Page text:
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Pojo's Pokémon Card of the Day

 

Gardevoir #57

Next Destinies

Date Reviewed: Feb. 22, 2012

Ratings & Reviews Summary

Modified: 3.87
Limited: 2.88

Ratings are based on a 1 to 5 scale.
1 being the worst. 
3 ... average.  
5 is the highest rating.

Back to the main COTD Page

Combos With: See Below

Baby Mario
2010 UK National
Seniors
Champion

#3 Gardevoir

Ok, this one, I admit was a bit of a shock to me. I wasn’t surprised to see Gardevoir make the top 10 (I did have it on my list), but I am surprised it placed as highly as it did. The people who make Pokémon cards do seem to love Gardy almost as much as people who make fan art though, so I guess I shouldn’t be surprised that this one is good. There has hardly ever been an unplayable Gardevoir in the history of the TCG, and it has given us cards like the wonderful Gardevoir-ex δ and the format-dominating Secret Wonders version. This one has a heck of a lot to live up to.

So, how does she stack up? Stats-wise, she’s not impressive: a Stage 2 with 110 HP is way below par these days and easy prey for Dragons and –EX Pokémon. The Retreat cost of 2 is a pain, making her fear Pokémon Catcher, and the Psychic Typing should be ringing alarm bells for anyone who has seen Mewtwo-EX (which is everybody, right?).

Her attack isn’t great either: Mind Shock costs [P][P][C][C] and does just 60 damage. The massive cost isn’t really the issue here though (as we shall see). The real problem is low damage output coupled with the effect text that states that Mind Shock’s damage isn’t affected by Weakness or Resistance. The second part is pretty meaningless at the moment as there isn’t really anything playable that Resists Psychic anyway (Tyranitar Prime?), it’s the first part that hurts: Poor Gardy can’t even take advantage of Mewtwo-EX’s Weakness to do some substantial damage.

This leaves us with the Ability, Psychic Mirage to consider. With this in play, each Basic Psychic Energy attached to a Psychic Type Pokémon counts double. What Psychic Mirage does is effectively bring Energy acceleration to Psychic decks, and well, they have a number of Pokémon that can make extremely good use of it.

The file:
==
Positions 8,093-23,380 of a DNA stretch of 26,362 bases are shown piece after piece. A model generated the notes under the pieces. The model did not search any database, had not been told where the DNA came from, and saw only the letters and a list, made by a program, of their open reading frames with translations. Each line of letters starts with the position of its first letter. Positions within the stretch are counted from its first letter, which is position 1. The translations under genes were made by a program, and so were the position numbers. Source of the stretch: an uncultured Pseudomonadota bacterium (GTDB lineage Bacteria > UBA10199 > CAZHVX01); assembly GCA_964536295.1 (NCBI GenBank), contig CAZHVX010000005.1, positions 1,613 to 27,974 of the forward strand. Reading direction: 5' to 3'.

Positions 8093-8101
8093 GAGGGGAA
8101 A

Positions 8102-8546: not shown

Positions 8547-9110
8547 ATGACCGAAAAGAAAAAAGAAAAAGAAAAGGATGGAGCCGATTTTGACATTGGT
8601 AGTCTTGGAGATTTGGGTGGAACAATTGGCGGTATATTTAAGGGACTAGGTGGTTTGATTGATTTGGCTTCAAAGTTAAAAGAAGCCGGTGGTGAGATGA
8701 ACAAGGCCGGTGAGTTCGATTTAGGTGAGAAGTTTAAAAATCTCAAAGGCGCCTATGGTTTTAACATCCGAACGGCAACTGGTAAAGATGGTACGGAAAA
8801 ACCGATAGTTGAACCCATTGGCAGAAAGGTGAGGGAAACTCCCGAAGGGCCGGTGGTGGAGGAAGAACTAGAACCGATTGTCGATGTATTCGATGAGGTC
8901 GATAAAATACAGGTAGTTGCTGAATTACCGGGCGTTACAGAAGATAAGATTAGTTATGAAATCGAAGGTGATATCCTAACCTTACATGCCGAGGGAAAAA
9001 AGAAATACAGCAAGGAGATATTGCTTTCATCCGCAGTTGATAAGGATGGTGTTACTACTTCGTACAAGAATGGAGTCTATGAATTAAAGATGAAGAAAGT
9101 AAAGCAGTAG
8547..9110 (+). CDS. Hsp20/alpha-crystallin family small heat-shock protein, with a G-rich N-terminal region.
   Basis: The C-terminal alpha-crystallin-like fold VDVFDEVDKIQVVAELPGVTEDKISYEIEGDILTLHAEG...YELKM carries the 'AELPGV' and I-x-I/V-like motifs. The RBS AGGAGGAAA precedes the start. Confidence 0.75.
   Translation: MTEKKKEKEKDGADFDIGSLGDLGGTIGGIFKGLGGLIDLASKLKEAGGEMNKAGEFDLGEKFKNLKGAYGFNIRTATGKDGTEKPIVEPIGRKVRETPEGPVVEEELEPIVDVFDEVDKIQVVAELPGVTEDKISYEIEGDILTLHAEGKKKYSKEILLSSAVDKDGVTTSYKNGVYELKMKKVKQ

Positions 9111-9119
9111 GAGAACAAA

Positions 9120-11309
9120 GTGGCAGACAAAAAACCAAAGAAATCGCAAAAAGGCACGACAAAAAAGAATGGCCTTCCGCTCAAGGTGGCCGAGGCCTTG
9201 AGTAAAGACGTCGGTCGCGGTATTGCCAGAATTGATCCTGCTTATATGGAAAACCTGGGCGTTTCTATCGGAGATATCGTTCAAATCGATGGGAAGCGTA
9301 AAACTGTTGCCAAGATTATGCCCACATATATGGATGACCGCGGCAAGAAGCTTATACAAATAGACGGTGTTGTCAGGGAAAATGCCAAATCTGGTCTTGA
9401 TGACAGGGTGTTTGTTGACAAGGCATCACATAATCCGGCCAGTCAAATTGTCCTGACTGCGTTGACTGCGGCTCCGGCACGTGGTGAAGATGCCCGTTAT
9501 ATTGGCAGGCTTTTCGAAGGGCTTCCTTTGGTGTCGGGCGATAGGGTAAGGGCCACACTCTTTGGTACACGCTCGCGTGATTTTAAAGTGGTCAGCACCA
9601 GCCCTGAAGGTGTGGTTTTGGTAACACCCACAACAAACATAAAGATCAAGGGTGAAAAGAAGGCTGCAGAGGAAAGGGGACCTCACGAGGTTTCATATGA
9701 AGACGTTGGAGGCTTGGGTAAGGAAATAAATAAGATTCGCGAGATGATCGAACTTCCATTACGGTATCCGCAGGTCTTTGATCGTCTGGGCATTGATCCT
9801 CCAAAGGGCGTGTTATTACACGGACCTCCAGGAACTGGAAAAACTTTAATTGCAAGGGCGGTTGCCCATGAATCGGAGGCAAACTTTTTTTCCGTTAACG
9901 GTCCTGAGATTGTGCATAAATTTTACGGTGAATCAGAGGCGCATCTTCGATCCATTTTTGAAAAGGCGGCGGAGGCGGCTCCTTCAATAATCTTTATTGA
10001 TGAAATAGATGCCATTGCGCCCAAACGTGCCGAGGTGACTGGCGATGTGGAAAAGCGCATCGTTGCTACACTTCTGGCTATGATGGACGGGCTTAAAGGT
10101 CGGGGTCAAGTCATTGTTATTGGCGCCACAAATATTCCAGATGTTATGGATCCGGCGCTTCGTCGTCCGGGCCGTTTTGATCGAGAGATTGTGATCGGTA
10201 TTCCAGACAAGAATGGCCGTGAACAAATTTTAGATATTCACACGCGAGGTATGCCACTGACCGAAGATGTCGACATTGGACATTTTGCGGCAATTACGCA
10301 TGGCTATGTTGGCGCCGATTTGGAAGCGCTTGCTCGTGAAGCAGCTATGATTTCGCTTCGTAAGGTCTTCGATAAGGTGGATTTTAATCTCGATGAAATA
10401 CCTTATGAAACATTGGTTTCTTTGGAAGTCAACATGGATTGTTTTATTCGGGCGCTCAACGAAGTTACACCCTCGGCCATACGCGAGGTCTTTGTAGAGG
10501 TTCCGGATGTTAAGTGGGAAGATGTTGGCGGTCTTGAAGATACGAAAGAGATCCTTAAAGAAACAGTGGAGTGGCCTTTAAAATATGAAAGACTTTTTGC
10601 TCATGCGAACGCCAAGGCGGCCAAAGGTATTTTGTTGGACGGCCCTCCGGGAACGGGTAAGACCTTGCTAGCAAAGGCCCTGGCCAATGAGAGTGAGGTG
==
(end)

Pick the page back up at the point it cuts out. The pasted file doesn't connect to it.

The obvious choice is Mewtwo-EX (again). With X-Ball’s damage increasing for each Energy, Gardy can be used to make this already powerful attack even better. She can also reduce the cost of using Psydrive. Other possible partners for Psychic Mirage include Darmanitan ND’s brilliantly-named DarMAXitan attack (flip coins for each Energy attached), Gothitelle EP (increased damage for each [P] Energy), and even Jirachi UL/CL (devolve more of your opponent’s Pokémon).

While this Gardy has an extremely good Ability, and the right Pokémon to take advantage of it, I still have doubts as to how viable she is right now. The low HP/two Retreat cost make her an obvious target for Pokémon Catcher KOs that would cripple any deck that was too reliant on Psychic Mirage. It may be that she really needs to be run with Vileplume UD or Gothitelle EP to stop that happening, and that will only slow a Gardy deck down. Nevertheless, there is potential in this card, as there is in all Energy accelerators. If someone can find a way of giving Gardy the protection she needs without sacrificing too much speed or consistency, then they will have a very good deck on their hands.

Rating

Modified: 3.25 (lovely Ability, but very vulnerable in the current format)

Limited: 2 (setting up a Stage 2 just for support purposes isn’t often practical)

Mad Mattezhion
 Professor Bathurst League Australia

#3: Gardevoir (Next Destinies)
 
First of all I'd like to say I'm terribly sorry for how late all of my recent reviews have been but now I'm all caught up on the Next Destinies Top 10. Secondly, I've finally finished writing the first installment of my new series of artciles, so please check them out (just click my name!). The third and final Piece of news is that today we review the return of the most feared Psychic Poke'mon ever to appear in the Poke'mon TCG and she's returning to form by reviving an archetype!